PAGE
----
In their own way, documents have already had a long history of transformation:

In addition to advantages (a comprehensive system that works for the intended purpose = is compliant), however, weaknesses and limitations are becoming more and more apparent in everyday life: substantial effort is recorded as ‘compliance cost.’ This consists of:

  • Efforts to create documents
  • Efforts to modify documents – mass change is not possible because of unstructured data
  • Redundancies and contradictions between documents, e.g., roles and terms, are defined in many places and differently
  • It is time-consuming to find relevant information in documents

In addition to these quantitative disadvantages, employees also complain of two qualitative aspects that seem to be contradictive: On the one hand, documents are far too untargeted (I get a lot of information that does not affect me / my role at all). On the other hand, the ‘big picture’ is missing. The focus is on the individual document, whereas purpose, the end-to-end process, or the customer benefit are not visible.

Overall, the QMS is a grown landscape of independent local regulations with various redundancies and high overall costs.

Objectives and Opportunities of Digitization

First of all, it has to be considered, that thousands of documents, and in very large companies over all sites, even hundreds of thousands, are concerned. On the other hand, the time pressure is limited if we assume that there is a working QMS.

The goal is to build a fully digital solution. In practice, the following advantages have been demonstrated:

  • The principle of reuse of master data (established in financial and commodity processes, e.g., in SAP since the 1990s) helps to reduce duplication of work
  • Simple mass changes: since it is clear what information is used where mass changes can be made
  • The user experience should meet or go even beyond current standards (see ISO 13407 “user-oriented design of interactive systems”). This leads to greater efficiency and acceptance among the recipients of the information.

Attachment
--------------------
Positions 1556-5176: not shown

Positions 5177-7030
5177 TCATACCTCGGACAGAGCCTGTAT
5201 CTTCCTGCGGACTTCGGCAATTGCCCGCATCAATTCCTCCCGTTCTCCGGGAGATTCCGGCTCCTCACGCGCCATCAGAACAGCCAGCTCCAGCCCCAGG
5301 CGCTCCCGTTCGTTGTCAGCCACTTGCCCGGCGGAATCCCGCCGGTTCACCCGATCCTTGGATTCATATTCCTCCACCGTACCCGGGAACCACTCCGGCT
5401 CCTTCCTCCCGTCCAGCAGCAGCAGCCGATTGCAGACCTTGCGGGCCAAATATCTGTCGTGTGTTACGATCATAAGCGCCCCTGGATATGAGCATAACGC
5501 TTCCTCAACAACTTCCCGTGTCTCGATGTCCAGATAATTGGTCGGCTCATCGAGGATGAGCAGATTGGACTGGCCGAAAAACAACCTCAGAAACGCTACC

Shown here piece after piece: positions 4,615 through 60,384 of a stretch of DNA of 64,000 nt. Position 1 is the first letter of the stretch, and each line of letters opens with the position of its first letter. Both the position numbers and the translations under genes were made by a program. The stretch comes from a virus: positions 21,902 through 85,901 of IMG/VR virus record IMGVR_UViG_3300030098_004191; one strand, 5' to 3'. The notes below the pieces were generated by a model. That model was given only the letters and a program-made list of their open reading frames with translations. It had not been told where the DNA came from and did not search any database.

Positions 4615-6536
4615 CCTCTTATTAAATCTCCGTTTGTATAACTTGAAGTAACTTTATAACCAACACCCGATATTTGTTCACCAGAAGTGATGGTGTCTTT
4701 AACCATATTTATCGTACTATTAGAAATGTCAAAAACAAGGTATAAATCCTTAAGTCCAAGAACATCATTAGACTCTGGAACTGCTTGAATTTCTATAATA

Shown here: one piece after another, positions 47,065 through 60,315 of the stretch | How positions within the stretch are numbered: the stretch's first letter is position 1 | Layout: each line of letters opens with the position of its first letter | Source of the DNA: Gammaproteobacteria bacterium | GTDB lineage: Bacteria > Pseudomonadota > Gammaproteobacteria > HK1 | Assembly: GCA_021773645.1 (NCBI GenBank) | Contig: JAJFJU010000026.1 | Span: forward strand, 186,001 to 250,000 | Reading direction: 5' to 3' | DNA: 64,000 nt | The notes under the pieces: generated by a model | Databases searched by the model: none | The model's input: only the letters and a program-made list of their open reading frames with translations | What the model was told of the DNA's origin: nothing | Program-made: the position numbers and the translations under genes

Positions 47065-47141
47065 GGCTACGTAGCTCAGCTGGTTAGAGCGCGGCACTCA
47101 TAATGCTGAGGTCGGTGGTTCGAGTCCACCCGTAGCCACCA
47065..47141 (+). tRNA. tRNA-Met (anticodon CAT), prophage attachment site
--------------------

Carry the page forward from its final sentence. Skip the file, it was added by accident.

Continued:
• A primarily graphical design follows the insight that visual information processing in humans is incredibly efficient and that a lot of information can be accommodated in a small space
    • Mobile and media capabilities: to have everything available on your handheld is a necessity, whereas incorporation of videos on activities would be at your highest level of maturity.
  • Personalization: Users see the overall context but can filter very precisely if necessary, e.g., according to their execution role: what is relevant for me?

Steps to a transformation

  • Process Map ensures that, on the one hand, all topics are recorded (completeness), but on the other hand, there are no overlaps. Comparing the existing procedures will quickly show that the transformation starts from a ‘many to many’ state. This means that there is relevant content for a process in several procedures. Conversely, however, a procedure usually also contains information for multiple processes.


  • In addition, as mentioned above, there is ‘overarching’ information with master data character, e.g., governance roles, execution roles, terms. These are created only once in a digital solution and can be referenced from there.


  • Select next level IT platform: there are now innovative tools on the market that manage all process and SOP content as information while still enforcing the pharmaceutical compliance requirements like change management, impact assessment, endorsement or approval, and governance workflows, including FDA 21 CFR part 11 compliant digital signatures.

Digital Transformation of QMS: Example of a Roadmap


Guest post by: Armin Fiedler, Pharmaceutical Senior Project Manager / Management Advisor